Friday, April 4, 2008

Twelve Months of Knitting by Joanne Yordanou













In Twelve Months of Knitting, Joanne Yordanou has designed a variety of projects to keep knitters busy throughout the year. From skimpy bikinis and complicated cabled sweaters and cardigans to a delicate mohair bookmark and a felted carryall, the patterns she’s included in this book are gorgeous, fashionable and up-to-date.

I was absolutely enamored with the patterns in this book. Joanne’s passion for knitting and designing are evident. Each pattern is a gem and I can see myself making each and every one. In addition to the patterns, she includes a lot of little extras that make this book special. I especially like the chart at the beginning of the book that allows the knitter to plan and then make the projects at the appropriate time of year. It’s based on average knitting times, so it may vary from knitter to knitter, but it’s an interesting idea. She also offers plenty of relevant tips covering topics like increasing, blocking, circular needles, double-pointed needles and so much more. I learned a lot just from reading these.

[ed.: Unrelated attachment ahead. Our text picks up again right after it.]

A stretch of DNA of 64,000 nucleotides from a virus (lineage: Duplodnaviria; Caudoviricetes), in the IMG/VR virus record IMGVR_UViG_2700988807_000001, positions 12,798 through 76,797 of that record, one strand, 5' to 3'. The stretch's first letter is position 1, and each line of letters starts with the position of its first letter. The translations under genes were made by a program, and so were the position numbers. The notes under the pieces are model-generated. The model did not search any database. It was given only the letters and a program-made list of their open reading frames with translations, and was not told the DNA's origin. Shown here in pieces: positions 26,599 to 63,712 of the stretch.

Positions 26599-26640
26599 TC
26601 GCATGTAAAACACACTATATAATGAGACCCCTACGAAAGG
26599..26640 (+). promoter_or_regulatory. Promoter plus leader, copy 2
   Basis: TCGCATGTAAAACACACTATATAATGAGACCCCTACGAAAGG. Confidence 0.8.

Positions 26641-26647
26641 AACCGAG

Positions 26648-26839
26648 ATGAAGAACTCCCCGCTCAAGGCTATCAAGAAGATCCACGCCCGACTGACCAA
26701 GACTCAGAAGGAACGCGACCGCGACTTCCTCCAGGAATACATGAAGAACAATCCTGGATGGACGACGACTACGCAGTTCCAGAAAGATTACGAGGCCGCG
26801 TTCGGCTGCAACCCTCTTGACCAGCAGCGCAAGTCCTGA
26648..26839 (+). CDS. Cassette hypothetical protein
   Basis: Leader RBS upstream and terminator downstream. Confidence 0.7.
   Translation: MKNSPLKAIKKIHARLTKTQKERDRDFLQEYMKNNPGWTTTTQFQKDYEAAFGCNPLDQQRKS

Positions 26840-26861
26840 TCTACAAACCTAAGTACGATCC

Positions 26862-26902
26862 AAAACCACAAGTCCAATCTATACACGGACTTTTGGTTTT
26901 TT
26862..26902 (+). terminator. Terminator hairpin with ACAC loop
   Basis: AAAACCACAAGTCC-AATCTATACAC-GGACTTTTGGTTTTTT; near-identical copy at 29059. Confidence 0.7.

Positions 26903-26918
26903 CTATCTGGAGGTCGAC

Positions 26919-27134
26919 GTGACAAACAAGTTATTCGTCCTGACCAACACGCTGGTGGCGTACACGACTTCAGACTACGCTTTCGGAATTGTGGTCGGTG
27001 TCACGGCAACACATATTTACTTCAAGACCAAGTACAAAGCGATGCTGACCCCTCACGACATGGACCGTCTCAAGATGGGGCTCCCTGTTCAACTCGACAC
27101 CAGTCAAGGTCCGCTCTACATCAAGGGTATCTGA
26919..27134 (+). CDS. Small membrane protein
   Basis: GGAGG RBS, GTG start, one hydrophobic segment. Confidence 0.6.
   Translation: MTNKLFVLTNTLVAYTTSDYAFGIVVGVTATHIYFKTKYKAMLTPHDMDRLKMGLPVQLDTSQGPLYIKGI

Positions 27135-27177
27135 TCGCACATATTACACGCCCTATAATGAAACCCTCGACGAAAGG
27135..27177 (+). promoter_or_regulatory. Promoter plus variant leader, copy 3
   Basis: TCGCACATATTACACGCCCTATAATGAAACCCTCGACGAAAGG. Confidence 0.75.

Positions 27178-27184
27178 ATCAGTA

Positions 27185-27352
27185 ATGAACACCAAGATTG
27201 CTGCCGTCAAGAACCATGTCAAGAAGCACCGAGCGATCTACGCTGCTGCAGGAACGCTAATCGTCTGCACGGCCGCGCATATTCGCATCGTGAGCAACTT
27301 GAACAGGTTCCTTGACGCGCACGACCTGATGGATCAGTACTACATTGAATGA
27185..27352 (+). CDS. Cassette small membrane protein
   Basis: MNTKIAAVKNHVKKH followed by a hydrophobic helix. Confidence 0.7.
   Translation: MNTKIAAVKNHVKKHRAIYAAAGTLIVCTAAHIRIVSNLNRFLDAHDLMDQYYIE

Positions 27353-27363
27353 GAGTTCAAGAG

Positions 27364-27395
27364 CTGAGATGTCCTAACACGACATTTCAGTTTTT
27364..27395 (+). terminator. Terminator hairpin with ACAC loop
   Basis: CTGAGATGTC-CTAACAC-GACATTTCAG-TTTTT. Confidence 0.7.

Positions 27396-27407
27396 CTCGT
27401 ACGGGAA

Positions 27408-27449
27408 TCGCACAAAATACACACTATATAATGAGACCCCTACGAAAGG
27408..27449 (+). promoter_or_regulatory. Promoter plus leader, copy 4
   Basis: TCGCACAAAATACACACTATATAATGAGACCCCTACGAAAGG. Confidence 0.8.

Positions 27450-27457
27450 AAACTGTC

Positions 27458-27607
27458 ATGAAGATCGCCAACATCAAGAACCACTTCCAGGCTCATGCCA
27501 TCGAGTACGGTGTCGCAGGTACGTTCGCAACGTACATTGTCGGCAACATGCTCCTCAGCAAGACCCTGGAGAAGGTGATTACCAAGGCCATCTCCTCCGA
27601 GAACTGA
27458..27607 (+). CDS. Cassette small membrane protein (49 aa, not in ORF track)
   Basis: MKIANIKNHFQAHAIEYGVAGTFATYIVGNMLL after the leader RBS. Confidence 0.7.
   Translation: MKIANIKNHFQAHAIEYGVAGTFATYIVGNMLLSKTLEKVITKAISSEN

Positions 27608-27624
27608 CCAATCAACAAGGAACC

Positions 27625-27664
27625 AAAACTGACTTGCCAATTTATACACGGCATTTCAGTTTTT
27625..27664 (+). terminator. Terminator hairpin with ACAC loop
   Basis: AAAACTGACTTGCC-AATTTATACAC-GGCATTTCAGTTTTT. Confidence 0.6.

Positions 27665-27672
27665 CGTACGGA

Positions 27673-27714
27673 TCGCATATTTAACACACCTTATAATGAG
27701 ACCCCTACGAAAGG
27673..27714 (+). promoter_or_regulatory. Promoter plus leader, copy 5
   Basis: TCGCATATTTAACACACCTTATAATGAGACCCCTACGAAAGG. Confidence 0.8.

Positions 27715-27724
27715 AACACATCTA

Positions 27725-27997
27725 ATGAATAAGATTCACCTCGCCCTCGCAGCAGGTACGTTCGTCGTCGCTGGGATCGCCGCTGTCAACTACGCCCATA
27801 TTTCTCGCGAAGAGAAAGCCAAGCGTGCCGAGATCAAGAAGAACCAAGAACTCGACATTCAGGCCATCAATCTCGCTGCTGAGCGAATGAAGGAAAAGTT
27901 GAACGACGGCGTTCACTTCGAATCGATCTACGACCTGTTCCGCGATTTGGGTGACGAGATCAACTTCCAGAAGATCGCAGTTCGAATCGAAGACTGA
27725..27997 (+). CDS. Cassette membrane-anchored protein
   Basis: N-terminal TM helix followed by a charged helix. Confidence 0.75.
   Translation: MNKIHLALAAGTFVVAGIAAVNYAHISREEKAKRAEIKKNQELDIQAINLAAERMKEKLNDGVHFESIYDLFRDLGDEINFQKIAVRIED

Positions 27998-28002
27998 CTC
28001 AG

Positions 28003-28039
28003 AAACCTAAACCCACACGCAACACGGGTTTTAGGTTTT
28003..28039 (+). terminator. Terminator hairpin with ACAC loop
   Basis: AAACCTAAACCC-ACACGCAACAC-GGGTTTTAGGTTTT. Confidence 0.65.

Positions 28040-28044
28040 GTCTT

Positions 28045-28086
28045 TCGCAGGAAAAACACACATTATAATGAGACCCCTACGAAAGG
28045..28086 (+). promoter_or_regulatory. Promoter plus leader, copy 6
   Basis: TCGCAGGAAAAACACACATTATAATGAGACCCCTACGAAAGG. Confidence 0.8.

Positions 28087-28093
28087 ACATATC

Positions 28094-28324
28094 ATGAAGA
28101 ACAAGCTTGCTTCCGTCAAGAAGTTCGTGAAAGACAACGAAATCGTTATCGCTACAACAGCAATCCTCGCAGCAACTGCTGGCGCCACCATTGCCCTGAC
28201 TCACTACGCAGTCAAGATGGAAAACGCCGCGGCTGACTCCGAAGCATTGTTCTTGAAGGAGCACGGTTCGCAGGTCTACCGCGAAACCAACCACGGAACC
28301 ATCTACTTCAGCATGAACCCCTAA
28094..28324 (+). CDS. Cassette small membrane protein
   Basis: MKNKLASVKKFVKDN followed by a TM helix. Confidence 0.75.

I was so excited by these patterns I couldn’t wait to get started. Since I adore ribbing, I knew I had to start with the Ski Lodge Scoop Vest and matching Ski Lodge Bag. [These would be for my inner ski-bunny, since I don’t ski.] The suggested wool, Manos del Uruguay, isn’t available in my area (yet), so I used Aran, which according to another chart at the back of the book is of similar weight. I’m so pleased with the results. I much prefer the wonderful red color of the items in the book, but I love the style so much, I’d be happy with any color. I’ll definitely be making another scoop vest for next winter. The bag, by the way, makes a perfect place to store the vest during the summer months.

Despite my two knitting handicaps (I’m self taught and left-handed), I easily followed the patterns provided and only had to look up one technique on the Internet. All in all, making the items were very positive experiences.

Having said all that, I do have a couple of complaints regarding mistakes in the book. In one of the patterns, the material list is missing a needle requirement. On the vest I made the blocking diagram has the wrong measurements. Finally, one pattern lists a circular needle in the requirements; however, the pattern doesn’t seem to use one. These are little things, I know, but could leave some knitters disappointed.

My only other problem is deciding what to make next. Perhaps the Boat Launch Cables (cross-over sweater vest made from bamboo yarn) or the cottage socks or perhaps even the Adirondack Lap Blanket. I can’t wait to start my next project and knitting adventure.

Highly recommended for knitters of every skill level.

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